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Germany

German Lawmakers Re-Open Berlin-Bonn Debate

The continued division of Germany's government between Berlin and Bonn has long been a contentious issue. But now lawmakers seem to have started a process that could lead to a complete move of government to Berlin.

A city sign with the word Bonn crossed out at the bottom and Berlin with an arrow leading to it on top

Is it time for the government to bid farewell to West Germany's former capital for good?

The parliament's budget committee this week called for a review of the current situation, which essentially splits government between Berlin and the former West German capital, Bonn.

Committee members have also asked the government to submit an annual report on the costs of keeping to seats of government. The report will also have to include information on whether the Berlin-Bonn divide prevents more effective government.

"The slope from Bonn to Berlin has become even more slippery," Petra Merkel, a Social Democratic member of the committee from Berlin, told Berliner Zeitung.

Split down the middle

The so-called Berlin-Bonn law, which was passed in 1994, requires that Germany's government is split up between the two cities. While some 9,000 civil servants still work in the former capital, a little less than 9,000 have made the move to Berlin so far.

A Henry Moore scultpture outside the former West German chancellery in Bonn

The development minstry is now housed in the former chancellery in Bonn

Only nine of Germany's 14 ministries actually have their headquarters in Berlin. The rest -- the ministries of defense, research and education, environment, economic cooperation and development, and health -- are still keeping their main office in Bonn.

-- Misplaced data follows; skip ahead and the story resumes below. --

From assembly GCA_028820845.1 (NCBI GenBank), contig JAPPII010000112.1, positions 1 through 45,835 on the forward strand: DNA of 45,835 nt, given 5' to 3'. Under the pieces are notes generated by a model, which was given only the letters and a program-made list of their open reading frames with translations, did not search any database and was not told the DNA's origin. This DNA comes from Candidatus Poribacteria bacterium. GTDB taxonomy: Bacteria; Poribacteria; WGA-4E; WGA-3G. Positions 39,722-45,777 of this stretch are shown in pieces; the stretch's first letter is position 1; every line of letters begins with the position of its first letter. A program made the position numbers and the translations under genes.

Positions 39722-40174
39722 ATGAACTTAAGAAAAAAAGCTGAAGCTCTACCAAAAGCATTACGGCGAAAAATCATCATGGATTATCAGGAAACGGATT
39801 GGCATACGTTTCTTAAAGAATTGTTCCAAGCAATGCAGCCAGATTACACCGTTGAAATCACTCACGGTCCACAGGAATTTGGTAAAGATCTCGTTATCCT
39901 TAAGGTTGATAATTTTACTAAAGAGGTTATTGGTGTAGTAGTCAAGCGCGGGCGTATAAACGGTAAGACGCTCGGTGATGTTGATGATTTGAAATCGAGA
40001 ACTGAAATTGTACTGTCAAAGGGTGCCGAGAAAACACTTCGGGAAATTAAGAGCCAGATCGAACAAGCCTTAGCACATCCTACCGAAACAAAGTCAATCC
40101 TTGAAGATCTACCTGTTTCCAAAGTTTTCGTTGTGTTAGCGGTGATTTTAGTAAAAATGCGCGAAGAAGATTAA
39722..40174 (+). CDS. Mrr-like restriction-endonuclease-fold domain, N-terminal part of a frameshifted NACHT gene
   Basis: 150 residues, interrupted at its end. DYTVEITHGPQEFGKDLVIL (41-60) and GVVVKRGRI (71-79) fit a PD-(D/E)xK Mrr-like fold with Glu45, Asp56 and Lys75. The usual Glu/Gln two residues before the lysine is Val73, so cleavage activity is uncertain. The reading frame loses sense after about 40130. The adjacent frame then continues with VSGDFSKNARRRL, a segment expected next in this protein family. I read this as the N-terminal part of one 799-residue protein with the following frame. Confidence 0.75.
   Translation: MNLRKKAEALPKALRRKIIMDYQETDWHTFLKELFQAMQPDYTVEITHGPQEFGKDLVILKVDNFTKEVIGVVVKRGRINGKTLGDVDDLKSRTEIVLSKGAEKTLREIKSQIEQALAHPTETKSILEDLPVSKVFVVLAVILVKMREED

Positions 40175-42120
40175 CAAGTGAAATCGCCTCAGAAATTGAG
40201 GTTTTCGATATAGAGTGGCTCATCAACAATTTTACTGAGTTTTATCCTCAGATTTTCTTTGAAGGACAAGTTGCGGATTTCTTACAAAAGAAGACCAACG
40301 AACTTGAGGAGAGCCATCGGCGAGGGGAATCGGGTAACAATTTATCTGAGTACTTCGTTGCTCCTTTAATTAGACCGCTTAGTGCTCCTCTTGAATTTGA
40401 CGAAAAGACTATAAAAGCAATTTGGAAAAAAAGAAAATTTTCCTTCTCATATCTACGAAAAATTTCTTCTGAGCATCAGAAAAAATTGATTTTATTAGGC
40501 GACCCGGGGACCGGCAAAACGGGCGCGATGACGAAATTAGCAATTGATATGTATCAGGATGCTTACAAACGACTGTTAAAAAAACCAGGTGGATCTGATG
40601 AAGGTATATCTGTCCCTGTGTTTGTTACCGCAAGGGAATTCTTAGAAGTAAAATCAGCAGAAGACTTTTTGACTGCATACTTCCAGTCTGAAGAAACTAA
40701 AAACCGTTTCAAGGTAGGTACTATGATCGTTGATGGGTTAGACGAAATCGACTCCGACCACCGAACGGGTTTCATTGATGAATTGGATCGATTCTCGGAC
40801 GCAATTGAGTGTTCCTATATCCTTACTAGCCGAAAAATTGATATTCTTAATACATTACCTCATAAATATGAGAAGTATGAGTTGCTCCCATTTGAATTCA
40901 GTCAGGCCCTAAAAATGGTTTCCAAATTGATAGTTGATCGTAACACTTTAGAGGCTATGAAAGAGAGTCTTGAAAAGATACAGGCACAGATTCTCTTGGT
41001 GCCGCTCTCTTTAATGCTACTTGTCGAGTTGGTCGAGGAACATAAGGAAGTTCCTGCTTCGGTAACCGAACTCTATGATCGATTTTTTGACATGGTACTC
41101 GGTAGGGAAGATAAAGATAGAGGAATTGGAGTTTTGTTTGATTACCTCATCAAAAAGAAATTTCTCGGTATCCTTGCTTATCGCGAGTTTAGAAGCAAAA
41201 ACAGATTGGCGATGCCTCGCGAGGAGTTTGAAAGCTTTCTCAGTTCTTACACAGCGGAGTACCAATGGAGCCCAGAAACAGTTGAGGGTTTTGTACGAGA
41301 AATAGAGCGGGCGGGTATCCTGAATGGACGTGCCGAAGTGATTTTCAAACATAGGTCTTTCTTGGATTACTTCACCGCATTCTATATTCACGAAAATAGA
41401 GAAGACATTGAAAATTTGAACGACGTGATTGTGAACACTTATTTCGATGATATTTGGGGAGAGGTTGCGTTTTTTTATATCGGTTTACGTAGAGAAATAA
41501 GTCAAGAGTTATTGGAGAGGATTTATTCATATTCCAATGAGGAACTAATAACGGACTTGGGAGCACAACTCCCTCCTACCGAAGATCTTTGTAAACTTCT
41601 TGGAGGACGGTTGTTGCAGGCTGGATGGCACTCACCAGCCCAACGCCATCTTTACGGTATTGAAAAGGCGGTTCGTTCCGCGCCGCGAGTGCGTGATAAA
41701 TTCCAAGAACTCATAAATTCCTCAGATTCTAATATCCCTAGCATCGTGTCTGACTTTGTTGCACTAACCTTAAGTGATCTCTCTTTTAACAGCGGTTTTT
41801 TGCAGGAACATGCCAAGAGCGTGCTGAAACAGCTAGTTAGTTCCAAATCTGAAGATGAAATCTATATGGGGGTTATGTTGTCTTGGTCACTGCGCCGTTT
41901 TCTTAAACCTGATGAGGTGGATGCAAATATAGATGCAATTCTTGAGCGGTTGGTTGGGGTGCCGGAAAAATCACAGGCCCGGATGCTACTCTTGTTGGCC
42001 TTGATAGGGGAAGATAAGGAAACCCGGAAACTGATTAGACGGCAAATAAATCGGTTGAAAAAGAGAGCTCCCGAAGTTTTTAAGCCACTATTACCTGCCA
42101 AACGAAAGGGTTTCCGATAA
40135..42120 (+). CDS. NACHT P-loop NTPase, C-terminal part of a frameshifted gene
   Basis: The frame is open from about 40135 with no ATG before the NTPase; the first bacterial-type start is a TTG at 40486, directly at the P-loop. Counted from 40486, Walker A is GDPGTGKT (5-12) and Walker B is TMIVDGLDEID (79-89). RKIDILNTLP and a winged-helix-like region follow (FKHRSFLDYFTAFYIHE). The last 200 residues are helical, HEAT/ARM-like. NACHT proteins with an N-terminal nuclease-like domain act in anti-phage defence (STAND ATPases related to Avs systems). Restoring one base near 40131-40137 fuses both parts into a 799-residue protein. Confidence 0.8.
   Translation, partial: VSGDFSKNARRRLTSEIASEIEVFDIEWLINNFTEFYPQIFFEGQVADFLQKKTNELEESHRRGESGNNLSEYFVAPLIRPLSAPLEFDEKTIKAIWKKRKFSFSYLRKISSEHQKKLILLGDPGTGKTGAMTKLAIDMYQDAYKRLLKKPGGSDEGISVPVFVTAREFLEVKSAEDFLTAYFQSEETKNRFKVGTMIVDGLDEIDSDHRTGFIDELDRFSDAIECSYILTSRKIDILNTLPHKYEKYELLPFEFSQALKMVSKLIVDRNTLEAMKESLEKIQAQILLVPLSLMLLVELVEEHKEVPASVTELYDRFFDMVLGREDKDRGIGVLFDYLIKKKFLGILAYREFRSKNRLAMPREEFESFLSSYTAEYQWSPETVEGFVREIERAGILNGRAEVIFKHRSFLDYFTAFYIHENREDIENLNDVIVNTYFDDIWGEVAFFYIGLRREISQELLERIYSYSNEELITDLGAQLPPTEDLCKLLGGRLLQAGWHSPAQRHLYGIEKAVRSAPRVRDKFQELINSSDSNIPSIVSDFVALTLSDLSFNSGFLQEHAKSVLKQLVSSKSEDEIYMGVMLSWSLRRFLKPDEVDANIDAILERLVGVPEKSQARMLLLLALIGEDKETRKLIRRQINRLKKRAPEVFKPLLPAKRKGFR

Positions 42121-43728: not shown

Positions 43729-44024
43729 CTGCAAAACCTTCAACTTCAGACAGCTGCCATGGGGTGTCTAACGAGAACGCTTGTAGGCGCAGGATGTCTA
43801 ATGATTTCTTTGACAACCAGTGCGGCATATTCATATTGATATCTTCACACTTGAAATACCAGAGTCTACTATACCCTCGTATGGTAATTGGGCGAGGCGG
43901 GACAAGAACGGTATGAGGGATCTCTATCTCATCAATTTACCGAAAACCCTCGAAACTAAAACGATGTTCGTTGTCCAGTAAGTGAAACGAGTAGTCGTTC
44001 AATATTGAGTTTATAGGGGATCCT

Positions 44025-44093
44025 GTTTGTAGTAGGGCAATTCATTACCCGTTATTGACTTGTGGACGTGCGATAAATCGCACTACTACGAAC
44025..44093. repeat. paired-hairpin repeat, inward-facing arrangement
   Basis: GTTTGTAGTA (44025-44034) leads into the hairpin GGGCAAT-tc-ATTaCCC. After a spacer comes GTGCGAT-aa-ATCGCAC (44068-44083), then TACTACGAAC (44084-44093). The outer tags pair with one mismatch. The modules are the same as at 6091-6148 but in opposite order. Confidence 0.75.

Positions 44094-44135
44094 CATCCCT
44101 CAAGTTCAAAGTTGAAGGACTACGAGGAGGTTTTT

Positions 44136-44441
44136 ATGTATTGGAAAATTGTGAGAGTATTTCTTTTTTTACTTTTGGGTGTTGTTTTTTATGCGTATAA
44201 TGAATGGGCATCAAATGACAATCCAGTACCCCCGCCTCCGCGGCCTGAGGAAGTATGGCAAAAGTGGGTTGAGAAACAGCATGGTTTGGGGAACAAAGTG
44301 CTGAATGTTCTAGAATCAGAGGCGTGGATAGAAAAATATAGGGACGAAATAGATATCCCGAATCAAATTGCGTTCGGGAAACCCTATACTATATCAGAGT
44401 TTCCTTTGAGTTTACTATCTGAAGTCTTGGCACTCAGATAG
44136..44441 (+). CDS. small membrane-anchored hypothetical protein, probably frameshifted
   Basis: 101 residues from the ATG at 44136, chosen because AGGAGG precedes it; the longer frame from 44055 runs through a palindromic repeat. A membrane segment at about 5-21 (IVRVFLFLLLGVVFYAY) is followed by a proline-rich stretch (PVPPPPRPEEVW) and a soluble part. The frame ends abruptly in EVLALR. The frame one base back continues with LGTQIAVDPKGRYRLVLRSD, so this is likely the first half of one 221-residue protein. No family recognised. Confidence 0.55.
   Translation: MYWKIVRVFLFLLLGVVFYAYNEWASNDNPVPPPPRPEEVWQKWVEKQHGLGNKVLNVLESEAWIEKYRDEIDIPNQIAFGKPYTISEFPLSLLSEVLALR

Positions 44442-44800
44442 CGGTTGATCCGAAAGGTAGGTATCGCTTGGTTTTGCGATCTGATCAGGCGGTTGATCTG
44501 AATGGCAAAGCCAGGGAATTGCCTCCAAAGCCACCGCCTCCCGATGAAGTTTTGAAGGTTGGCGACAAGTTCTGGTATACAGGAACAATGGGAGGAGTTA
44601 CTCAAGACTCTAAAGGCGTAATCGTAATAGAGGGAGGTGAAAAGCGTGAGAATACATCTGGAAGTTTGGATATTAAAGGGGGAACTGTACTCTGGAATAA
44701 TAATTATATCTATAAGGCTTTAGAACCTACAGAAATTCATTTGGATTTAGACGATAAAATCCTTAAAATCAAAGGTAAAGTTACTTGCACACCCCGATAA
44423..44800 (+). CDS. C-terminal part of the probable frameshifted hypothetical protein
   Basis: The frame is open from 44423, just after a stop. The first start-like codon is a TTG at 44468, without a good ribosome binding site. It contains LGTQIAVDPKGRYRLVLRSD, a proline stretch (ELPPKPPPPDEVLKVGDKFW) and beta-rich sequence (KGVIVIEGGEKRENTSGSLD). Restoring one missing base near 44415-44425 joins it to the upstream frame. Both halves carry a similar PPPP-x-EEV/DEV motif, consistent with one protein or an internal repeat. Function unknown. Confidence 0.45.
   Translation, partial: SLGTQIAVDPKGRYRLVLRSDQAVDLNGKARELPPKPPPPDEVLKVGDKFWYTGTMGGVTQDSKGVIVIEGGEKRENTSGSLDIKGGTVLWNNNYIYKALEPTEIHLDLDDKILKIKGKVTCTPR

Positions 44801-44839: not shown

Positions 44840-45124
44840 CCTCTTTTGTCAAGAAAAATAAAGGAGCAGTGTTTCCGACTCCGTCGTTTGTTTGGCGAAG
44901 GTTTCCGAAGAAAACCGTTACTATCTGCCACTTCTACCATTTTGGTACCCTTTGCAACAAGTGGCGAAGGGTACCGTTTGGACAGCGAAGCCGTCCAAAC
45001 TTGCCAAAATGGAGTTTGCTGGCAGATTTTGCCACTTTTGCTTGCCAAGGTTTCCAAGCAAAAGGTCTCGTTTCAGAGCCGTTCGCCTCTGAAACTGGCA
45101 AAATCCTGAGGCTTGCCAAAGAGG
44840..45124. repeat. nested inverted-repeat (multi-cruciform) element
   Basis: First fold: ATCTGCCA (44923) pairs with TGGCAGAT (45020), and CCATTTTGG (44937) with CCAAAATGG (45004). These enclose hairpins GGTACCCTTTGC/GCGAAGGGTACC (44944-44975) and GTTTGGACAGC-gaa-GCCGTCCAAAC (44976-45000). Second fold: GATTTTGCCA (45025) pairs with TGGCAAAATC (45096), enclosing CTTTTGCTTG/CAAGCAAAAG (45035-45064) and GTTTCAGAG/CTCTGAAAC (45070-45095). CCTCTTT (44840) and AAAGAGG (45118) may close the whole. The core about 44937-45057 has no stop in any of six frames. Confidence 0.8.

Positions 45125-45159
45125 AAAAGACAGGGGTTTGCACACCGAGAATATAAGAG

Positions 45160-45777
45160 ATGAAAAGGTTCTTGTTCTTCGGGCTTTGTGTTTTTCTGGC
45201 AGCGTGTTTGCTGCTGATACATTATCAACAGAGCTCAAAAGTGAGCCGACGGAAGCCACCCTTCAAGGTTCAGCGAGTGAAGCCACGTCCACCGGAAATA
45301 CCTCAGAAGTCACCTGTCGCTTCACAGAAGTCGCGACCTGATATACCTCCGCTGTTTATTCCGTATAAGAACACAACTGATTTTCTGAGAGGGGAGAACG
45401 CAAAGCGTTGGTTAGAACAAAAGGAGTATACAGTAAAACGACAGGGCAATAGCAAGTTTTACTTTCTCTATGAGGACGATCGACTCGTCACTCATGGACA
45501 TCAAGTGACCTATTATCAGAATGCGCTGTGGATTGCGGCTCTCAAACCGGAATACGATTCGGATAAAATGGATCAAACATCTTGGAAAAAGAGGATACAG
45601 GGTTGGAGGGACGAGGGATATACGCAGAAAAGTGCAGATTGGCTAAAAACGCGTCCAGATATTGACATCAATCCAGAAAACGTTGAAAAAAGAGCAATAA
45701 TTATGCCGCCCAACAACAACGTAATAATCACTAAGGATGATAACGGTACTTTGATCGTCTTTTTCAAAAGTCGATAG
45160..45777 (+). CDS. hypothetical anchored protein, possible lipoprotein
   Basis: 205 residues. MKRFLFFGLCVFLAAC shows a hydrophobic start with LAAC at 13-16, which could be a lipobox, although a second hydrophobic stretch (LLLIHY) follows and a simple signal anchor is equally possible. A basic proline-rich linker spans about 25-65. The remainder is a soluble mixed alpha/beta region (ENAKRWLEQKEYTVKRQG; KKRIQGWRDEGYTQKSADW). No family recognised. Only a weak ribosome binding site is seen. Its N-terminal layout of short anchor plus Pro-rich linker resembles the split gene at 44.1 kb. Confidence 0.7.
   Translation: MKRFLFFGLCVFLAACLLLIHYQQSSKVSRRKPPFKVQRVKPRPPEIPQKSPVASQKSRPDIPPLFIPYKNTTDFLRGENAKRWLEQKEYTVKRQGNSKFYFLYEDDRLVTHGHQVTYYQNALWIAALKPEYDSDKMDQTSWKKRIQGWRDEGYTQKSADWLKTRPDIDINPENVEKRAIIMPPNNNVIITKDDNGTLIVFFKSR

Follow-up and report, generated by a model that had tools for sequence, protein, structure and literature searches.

Supporters of the law argue that moving Germany's capital to Berlin severely hurt Bonn and that the western Germany city had to be compensated for that. Opponents of a divided seat of government, however, say that this slows down business and that Bonn has been rewarded with the headquarters of major companies, including Deutsche Telekom and Deutsche Post, which make up for the loss.

According to the news reports, members of the budget committee also noted that any negative effects of the decision to move the capital from Berlin to Bonn had been eliminated by now.

Leaving it up to ministries?

A stewardess gives drinks to passengers

German civil servants spend a lot of time in planes these days

"Ministries should decide themselves where and how they work," said Markus Loening, a member of the opposition Free Democratic Party, adding that Germany's government should no longer be forced to keep offices in both cities.

Members of Germany's opposition Left Party also said they saw the move as a "little step in the right direction," but didn't support it, because it didn't go far enough.

Germany's Association of Taxpayers said that this was the beginning of the end of the Berlin-Bonn divide.

"It's only a question of time until the division will be overcome," said the association's executive director, Reiner Holznagel, according to Der Tagesspiegel newspaper.

Money's not an issue

An aerial view of the Berlin government quarter

More ministries could be built near the government quarter in Berlin

Representatives of Berlin's government welcomed the committee's request, saying that a complete move to Berlin would bring much-needed qualified personnel to the city. Bonn city officials declined to comment, according to Der Tagesspiegel. In its Saturday edition, the newspaper also pointed out that the government already owns several vacant lots in Berlin that could be used to build new ministries.

A complete move, however, would not be saving the country much money. The constant travelling of civil servants between the two cities costs the taxpayer between 8.8 million and 23 million euros ($10.9 and $28.7 million) per year. A complete move would likely cost billions.

Opponents of the move say that for that kind of money, Germany's civil servants could be flying back and forth between the two cities for up to 100 years.

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